Coubertin Quote for Feb, 12
By chiseling his body through exercise as a sculptor does a statue, the ancient athlete honored the gods. In doing likewise, the modern athlete honors his country, his race, and his flag.

The Olympic Winter Games in Pyeongchang are reminding us once again that the honors of athletic excellence are timeless. As the Olympic spirit enshrouds the mountains of South Korea, the finest young athletes of our time repeat competitive rituals that are nearly 3000 years old--and as they do they bring honor to their countries and glory to their sports. Baron Pierre de Coubertin made that point in an article about The Philosophic Foundation of Modern Olympism, which appeared in Le Sport Suisse in 1935.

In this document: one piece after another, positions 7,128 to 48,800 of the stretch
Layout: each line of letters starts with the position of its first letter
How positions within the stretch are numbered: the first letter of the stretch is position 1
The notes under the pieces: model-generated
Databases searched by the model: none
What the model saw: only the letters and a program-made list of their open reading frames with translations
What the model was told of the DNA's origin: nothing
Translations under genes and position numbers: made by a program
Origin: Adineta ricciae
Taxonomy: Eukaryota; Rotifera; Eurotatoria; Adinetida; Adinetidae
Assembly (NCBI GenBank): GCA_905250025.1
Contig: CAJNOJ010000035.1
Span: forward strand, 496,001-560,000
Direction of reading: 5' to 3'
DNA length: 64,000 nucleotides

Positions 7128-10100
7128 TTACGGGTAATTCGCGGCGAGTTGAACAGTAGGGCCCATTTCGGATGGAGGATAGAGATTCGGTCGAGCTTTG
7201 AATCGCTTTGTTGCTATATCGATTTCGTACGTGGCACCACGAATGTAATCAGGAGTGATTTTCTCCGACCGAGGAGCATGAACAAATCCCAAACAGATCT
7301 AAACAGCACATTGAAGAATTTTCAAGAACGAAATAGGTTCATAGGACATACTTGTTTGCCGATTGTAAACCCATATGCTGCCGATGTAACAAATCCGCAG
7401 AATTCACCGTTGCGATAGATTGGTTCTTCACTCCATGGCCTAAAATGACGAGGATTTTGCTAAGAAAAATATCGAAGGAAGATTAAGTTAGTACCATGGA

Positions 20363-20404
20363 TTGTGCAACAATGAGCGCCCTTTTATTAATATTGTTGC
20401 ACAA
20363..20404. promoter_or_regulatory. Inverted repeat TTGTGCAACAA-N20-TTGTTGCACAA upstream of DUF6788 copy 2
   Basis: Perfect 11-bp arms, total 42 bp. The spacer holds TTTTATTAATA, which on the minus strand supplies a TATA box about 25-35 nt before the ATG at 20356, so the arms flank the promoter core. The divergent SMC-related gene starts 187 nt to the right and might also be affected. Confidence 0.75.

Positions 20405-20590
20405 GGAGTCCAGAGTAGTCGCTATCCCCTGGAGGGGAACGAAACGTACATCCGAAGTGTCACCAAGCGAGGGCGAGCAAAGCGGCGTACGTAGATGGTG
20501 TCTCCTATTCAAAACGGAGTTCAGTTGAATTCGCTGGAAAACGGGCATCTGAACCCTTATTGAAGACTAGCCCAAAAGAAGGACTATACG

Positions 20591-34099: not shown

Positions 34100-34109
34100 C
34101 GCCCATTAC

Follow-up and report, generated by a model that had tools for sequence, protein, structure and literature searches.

"By chiseling his body through exercise as a sculptor does a statue, the ancient athlete 'honored the gods.' In doing likewise, the modern athlete honors his country, his race, and his flag. Therefore, I believe that I was right to restore, from the very beginning of modern Olympism, a religious sentiment transformed and expanded by the internationalism and democracy that are distinguishing features of our day. Yet this is the same religious sentiment that led the young Hellenes, eager for the victory of their muscles, to the foot of the altars of Zeus."